Film Review: The charm of watching Dangal

Mahavir Phogat’s focus on making his girls successful wrestlers is the decision of a patriarch which inadvertently sides with women lib. I would support him rather than crib about his dictatorial ways

Photo by Keshav Singh/Hindustan Times via Getty Images
Photo by Keshav Singh/Hindustan Times via Getty Images

Pragati Saxena

I finally yielded to the charms of ‘hanikaarak bapu’ after resisting the temptation for about a month following the Supreme Court’s order that viewers must stand up during the mandatory rendering of the national anthem in cinema halls. But after watching this much talked about film and now a box office hit during these testing times following demonetisation, I did not mind my small yet reluctant compromise.

Dangal has not only been praised for being a splendid sports-centric film but also has been appreciated for its strong feminist statement. However, some critics have made the valid point that the film has served to reaffirm a patriarchal society by putting forth a patriarchal wrestler’s efforts of fulfilling his dreams through his daughters, even when the daughters initially were not willing to fall in line.

It is a biopic. Veteran wrestler Mahavir Phogat dreams of having a son who would fulfill his dream of winning a gold medal in wrestling. But one after another he fathers four daughters. When he completely loses faith and hope, the aggression and fighting spirit of his two elder daughters, Geeta and Babita, reignites his dying ambition and despite all odds and despite his daughters’ initial resistance, he trains them hard to become successful wrestlers.

Now, if you know the rural Haryanvi patriarchal set up as I do, you would agree that if we want some very basic freedom of choice for our girls, we need a strong patriarch to support. And this is also a very pragmatic thought that if we want equal freedom of choice for our girls, then more than women, men have to be supportive and ‘feminist’. So, Mahavir Phogat’s one point focus of making his girls successful wrestler, is the decision of a patriarch which inadvertently sides with women lib and I would support such a patriarch any day than just crib about his dictatorial ways.

Photo by Pramod Thakur/Hindustan Times via Getty Images
Photo by Pramod Thakur/Hindustan Times via Getty Images
Aamir Khan plays wrestler Mahavir Phogat in Dangal

My objection to his dictatorial training is however on a different level. In almost all our sports centric movies we tend to promote the idea that a strict oppressive trainer can be a good coach and teacher (Remember Chak De India!), while the truth is that friendly, easy going coaches seem to have been more successful in bringing out the best in a sportsperson (eg Anil Kumble, Ravi Shastri). Maybe, our portrayal of teachers just reflects our own limitations in imparting education.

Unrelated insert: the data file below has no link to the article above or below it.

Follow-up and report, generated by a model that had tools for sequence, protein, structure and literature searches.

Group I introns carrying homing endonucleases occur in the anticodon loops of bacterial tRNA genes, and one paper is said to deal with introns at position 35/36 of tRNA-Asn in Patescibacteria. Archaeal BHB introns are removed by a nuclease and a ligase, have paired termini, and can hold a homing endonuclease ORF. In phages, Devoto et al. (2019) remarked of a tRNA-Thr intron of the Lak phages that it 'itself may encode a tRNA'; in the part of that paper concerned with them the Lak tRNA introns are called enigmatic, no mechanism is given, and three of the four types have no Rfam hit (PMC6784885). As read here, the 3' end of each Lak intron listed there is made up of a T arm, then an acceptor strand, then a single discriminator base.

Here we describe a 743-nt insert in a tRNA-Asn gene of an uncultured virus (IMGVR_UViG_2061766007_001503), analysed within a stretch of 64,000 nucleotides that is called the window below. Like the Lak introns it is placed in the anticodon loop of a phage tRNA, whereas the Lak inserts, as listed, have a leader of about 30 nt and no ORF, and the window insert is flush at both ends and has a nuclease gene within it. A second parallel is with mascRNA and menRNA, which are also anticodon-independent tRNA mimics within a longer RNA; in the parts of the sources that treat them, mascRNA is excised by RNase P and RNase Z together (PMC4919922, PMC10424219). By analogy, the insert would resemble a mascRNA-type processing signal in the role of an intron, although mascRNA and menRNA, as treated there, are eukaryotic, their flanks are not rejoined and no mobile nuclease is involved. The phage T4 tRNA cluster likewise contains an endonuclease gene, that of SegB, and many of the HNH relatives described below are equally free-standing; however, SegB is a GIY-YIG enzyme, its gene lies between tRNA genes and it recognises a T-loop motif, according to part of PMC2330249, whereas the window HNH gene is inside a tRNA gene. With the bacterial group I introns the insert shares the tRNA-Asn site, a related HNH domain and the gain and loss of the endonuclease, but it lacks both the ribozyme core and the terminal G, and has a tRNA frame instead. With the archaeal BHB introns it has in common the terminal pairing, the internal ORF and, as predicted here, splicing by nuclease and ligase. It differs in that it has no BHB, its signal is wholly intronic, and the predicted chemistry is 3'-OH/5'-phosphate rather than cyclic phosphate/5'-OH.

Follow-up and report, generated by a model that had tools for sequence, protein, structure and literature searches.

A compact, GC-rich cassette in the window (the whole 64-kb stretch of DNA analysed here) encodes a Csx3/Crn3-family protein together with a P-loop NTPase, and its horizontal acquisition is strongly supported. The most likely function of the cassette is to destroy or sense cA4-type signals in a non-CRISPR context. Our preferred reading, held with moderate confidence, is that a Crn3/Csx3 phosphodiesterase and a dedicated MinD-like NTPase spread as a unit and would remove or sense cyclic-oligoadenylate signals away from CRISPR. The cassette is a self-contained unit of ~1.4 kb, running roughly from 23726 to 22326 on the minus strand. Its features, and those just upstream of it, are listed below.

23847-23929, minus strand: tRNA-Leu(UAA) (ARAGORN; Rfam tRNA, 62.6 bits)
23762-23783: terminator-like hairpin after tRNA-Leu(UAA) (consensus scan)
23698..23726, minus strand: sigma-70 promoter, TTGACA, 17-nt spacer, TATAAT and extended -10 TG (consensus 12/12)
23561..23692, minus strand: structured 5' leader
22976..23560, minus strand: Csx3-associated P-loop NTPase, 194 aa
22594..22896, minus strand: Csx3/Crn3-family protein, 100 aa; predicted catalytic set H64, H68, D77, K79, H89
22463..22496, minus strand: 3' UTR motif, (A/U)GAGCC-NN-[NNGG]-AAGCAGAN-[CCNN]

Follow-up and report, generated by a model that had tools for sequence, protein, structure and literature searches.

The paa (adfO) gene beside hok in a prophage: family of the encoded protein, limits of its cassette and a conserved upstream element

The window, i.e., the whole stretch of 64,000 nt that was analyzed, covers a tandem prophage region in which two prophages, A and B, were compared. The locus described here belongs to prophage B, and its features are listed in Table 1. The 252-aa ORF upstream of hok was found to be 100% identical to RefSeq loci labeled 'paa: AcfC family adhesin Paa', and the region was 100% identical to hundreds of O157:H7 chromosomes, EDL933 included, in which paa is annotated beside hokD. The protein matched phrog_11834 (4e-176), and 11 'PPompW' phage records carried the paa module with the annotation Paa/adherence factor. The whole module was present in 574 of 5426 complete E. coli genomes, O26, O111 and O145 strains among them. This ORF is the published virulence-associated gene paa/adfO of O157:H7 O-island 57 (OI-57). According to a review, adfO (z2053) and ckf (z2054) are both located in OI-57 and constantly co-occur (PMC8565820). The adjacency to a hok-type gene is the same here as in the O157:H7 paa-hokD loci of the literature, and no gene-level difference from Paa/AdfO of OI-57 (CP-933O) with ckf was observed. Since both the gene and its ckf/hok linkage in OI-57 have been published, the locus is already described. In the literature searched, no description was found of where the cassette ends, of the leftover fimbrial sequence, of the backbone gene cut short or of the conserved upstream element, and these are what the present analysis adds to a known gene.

A brief portrayal of a teenage girl fresh out of a small village and the strict disciplinary father’s influence is par excellence. After a tiff and ego clash when father meets the eldest daughter and just asks “kaisi hai pahalwaan?” (how are you, wrestler?) my eyes could not contain tears as I could immediately identify with the feeling. As a frequently ailing child, my father used to keep up my fighting spirits by calling me Dara Singh and so do many fathers to keep up their child’s spirits

Coming back to the film. Of course it is Aamir Khan’s film. And he is a fabulous actor. The new girls as wrestlers (Fatima Sana Shaikh, Sanya Malhotra, Zaira Wasim, Suhani Bhatnagar) are also very impressive. But I would like to mention the narrator Onkar (Aparshakti Khurana) here, who not only has acted well, but also has provided comic relief even in otherwise tense moments.

Penned by four writers the script is tight, subtle and sans melodrama. A brief portrayal of a teenage girl fresh out of a small village and the strict disciplinary father’s influence is par excellence. After a tiff and ego clash when father meets the eldest daughter and just asks “kaisi hai pahalwaan?” (how are you wrestler?) my eyes could not contain tears as I could immediately identify with the feeling. As a frequently ailing child, my father used to keep up my fighting spirits by calling me Dara Singh and so do many fathers to keep up their child’s spirits. Simply put, this is a moving story of a daughter coming of age. And the father-daughter connection feels like a breath of fresh air in a film industry which is otherwise ridden with clichéd mother-son emotional bond. (remember—mere paas maa hai!)

Characterisation is marvelous and the choreography and designing of wrestling matches deserve special mention. They keep you on the edge by making you participate in them. Technically too, wrestling matches and training have been depicted accurately.

At the climax, when national anthem plays in the film, I looked around and to my delight, I found people overwhelmed, spell bound and some clapping but none caring to stand up.

That is where entertainment reflects true patriotism and scores over pseudo and flamboyant nationalism of mandatory anthem singing in cinema halls.

Pragati Saxena is a journalist based in Ghaziabad

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Published: 31 Dec 2016, 3:34 PM